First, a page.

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Commentaries and editorials

Oregon Should Join the
Collaboration to Save Salmon

by Scott Corwin and Terry Flores
The Oregonian, September 29, 2012

In his Sept. 23 op-ed, Gov. John Kitzhaber calls for other state and tribal leaders to join him in creating a new "table" to reach consensus on how to recover endangered salmon and steelhead species in the Columbia River. We welcome his engagement in this issue, but can't help wonder: Where has he been?

A collaborative table involving all the Northwest states and tribes -- known as the "sovereigns" process -- has been in place since 2005. In addition to the states and tribes, it involves all of the relevant federal agencies, and has the support of two presidential administrations over the past seven years. By 2008, this unprecedented process resulted in a historic agreement and a new science-based plan for salmon and federal hydropower operations. The plan is the largest restoration program for endangered species anywhere in the country.

Oregon has had a seat at that table from the beginning. Unfortunately, it has chosen to continue to litigate the plan instead of joining with the other three Northwest states and more than a dozen tribal leaders who support it.

Gov. Kitzhaber can change that. We recognize that the governor has had a full plate dealing with critical issues his first two years in office, including a dire budget and economic situation. We commend him for his strong desire to engage in the salmon issue, and believe he can bring the leadership Oregon really needs to the successful collaboration that is already under way.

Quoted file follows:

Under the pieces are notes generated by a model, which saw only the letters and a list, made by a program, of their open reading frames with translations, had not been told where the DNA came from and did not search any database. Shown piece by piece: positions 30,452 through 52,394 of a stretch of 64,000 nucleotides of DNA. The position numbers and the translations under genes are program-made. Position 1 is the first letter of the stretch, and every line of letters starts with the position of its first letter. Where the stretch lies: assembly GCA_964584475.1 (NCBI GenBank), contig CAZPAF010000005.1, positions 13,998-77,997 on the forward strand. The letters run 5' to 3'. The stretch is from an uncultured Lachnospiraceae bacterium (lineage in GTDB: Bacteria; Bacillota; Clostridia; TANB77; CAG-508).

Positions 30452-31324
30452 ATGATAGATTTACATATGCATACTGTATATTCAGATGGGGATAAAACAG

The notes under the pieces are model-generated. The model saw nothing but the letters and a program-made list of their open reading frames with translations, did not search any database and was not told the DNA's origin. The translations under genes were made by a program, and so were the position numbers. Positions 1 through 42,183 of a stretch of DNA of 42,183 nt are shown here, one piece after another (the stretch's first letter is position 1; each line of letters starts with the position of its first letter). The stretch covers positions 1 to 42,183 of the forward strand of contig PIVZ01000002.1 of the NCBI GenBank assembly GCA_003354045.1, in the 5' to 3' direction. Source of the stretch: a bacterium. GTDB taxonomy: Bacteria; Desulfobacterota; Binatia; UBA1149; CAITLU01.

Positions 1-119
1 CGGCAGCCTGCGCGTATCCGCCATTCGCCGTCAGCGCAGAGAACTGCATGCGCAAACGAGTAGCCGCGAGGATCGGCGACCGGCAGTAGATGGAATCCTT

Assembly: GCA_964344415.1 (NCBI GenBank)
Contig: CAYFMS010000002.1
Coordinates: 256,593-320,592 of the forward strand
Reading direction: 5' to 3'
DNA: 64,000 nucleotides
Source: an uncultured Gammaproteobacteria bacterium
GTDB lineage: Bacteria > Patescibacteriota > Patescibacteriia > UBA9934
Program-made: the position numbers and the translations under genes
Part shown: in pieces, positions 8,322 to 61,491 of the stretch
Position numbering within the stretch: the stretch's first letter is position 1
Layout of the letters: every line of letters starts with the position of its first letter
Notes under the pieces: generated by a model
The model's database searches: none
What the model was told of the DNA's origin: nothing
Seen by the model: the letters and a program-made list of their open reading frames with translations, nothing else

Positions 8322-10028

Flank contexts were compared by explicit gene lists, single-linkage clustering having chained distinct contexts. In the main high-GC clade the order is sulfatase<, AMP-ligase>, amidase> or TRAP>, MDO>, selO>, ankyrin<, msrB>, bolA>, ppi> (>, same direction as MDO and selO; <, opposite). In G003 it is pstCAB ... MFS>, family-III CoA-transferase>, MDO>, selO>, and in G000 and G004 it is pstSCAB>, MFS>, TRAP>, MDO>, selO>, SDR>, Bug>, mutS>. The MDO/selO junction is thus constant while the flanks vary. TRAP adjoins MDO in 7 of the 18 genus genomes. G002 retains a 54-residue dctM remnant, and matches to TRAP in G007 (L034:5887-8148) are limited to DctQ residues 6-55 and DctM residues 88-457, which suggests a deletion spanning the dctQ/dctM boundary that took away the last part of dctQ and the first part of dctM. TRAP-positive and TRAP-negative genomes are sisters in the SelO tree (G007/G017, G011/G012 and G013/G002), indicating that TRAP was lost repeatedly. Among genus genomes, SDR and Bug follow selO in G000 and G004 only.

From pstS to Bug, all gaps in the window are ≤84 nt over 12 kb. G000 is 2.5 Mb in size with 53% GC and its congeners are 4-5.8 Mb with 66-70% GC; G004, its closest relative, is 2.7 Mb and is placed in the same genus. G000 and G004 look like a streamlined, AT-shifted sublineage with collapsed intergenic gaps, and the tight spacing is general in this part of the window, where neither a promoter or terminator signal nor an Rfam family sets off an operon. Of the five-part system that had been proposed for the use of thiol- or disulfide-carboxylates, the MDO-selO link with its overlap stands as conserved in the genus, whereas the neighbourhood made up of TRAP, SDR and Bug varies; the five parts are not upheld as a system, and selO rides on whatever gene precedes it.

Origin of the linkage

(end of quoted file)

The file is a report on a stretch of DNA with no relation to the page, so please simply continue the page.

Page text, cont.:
And to his credit, the governor cited much of the progress that is already taking place, including implementation of a massive habitat restoration program and changes to hydropower operations. These changes, along with favorable ocean conditions, have resulted in some of the best salmon runs seen in decades. He's essentially endorsing what is already in place.

He also notes, "It will require everyone to give a little." It is important to point out that not only have federal agencies already stepped up to the plate, but hardworking Northwest families and businesses are already paying for the salmon plan through their electric bills. The habitat restoration program alone costs $1 billion over 10 years, not including another $1 billion that has been spent this decade to ensure that dams are more salmon-friendly. Everyone is giving -- not a little, but a lot.

Oregon needs to re-engage in this collaborative process with tribal sovereigns and the other states.

Kitzhaber is the one who can make that happen and move the state away from divisive litigation to a more positive role in the region. All of the other Northwest states' governors have designated knowledgeable representatives to sit at the court-ordered table. They've offered their perspective and expertise. Oregon's seat is waiting to be filled.

We're pleased the governor is calling for an agreement for salmon that "protects fish while maintaining our supply of clean and affordable energy." But, rather than create another duplicative process, we could use the governor's passion and intellect in implementing -- not litigating -- the historic agreement that has already been struck.